EMR was first piloted in Taranaki with St Pius School in 2011. The local provider for EMR in this region is Nga Motu Marine Reserve Society; who work in collaboration with the Department of Conservation. EMR Taranaki had over 100 at their community guided snorkel day last summer
"EMR is unique. It draws publicity and creates the opportunities to highlight the marine environment through the media. Community groups enjoy helping out because their kids are involved and with parents included as a crucial part of EMR from the outset, many become marine advocates too." Mike Tapp, DOC Taranaki.
Taranaki has a unique coastal environment, that is far more open and exposed than many other parts of New Zealand. There is some recreational and commercial fishing here when weather allows it. There are two local marine reserves, only one of which is accessible in practical terms to students, and then only occasionally. There are opportunities for exploring and studying the intertidal rather than subtidal areas of our local environment. The EMR team was lucky to strike some amazing weather in the marine reserve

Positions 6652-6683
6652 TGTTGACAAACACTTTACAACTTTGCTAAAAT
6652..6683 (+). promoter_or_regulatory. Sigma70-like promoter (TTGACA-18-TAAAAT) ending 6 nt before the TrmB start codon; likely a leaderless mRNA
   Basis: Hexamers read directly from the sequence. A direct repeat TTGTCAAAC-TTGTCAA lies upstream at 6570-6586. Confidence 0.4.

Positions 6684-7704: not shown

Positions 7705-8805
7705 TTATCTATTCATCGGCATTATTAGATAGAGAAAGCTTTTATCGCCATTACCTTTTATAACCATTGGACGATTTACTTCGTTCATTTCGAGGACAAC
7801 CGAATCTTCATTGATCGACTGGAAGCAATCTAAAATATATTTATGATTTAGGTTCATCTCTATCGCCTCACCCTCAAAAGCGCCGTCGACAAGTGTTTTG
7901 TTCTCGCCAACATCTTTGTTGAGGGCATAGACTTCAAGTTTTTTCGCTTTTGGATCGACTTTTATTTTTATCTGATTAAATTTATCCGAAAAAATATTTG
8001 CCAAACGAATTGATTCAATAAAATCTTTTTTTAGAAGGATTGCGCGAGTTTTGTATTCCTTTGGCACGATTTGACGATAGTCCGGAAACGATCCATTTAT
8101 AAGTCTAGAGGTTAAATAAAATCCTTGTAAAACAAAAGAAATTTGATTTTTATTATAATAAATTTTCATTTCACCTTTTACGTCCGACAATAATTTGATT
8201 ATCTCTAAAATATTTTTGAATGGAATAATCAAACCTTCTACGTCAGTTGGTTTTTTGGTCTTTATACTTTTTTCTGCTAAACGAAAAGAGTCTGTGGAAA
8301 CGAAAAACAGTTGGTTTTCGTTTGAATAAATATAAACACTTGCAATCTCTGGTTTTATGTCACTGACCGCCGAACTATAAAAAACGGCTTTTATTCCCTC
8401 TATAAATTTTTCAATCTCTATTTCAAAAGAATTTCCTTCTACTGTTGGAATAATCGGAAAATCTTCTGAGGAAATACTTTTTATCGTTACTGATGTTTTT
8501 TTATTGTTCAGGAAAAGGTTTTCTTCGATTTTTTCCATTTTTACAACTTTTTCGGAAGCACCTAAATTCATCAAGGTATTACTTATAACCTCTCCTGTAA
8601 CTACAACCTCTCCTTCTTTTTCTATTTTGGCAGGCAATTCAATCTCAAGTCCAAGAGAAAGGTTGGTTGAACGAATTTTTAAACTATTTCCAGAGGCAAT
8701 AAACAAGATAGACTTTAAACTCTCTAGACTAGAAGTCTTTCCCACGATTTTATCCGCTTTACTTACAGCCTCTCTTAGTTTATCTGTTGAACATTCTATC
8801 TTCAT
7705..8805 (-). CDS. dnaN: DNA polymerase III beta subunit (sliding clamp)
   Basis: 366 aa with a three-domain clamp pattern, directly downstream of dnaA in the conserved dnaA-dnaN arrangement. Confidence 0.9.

A crucial aim of the programme is to introduce young people to marine conservation through EMR programme, this introduction is evident http://www.stuff.co.nz/taranaki-daily-news/news/midweek/7045454/Hooked-on-marine-reserves
In the final stage of the EMR programme it is time for the students to take action. As a way of encouraging the action projects, EMR offers 4 places for Taranaki students and their parents on the annual trip to the Poor Knights, the media associated with this experience made front page of the Taranaki Daily news http://www.stuff.co.nz/taranaki-daily-news/news/8723340/Marine-visit-an-awesome-experience
Our EMR ambassador coordinator Pat Swanson is the marine science teacher at Highlands Intermediate and has developed a great action project called 'Project Litter'